The Tourism and Recreation Geography of Taiwan

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A. Foreword

The most renowned travel book about Taiwan was written by Yu Yung-ho in 1697. On his 26-day journey on an oxcart, he traveled from today's Tainan to Tienmu in Taipei. He waded across hundreds of streams and admired gorgeous coastal scenes. He also witnessed disasters like floods and gusty winds and recorded his encounter with indigenous peoples. Many of his writings were turned into beautiful and much-admired poetry about Taiwan's landscape.

After the island's ports were opened in the Ching Dynasty, many came to Taiwan from overseas for missionary work and for study of the natural, ethnic or business environment. Before and after Japan took over Taiwan in 1895, it systematically sent scholars to carry on comprehensive investigations for political and economic reasons. Their documents have enabled us to glimpse the original look of Taiwan before it was developed. In Japanese colonial times, Taiwan was famous for eight scenes: the moonlight on Sun Moon Lake, cloud sea on Mount Ali, snow on Mount Jade, spring in Mount Tatun, sunset in Anping, the tranquility of Taroko Gorge, the cliff at Chingshui Cliff, and the fishing boat lights of Penghu.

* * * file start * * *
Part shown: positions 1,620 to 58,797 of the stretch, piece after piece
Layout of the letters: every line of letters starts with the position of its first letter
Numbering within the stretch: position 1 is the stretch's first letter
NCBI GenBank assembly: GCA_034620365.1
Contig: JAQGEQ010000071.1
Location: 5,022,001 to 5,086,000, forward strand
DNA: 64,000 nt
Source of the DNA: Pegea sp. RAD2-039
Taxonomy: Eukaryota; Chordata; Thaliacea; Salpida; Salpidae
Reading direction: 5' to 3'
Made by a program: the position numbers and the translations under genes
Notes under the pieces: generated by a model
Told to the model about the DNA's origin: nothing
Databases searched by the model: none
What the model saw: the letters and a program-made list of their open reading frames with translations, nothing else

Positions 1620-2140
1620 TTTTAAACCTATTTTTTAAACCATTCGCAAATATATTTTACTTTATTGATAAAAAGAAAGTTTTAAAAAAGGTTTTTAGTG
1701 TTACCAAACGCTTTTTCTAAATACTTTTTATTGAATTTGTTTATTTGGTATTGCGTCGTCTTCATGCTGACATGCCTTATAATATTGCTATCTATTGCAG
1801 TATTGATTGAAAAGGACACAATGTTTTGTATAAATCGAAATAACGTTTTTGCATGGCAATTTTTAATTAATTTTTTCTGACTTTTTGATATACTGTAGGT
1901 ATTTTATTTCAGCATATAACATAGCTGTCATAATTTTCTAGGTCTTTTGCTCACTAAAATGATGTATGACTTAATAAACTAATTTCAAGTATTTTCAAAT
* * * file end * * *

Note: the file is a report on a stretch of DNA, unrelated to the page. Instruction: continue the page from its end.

When the ROC government moved to Taiwan in 1949, war was still fresh in people's memory. Under martial law, domestic tourism was not encouraged and international travel was prohibited. During vacations, students participated in activities organized by the China Youth Corps. Not until 1979, when the national income was increasing year by year and it was clear that martial law would be removed (this occurred in 1987), did official policies begin to allow Taiwanese to travel overseas.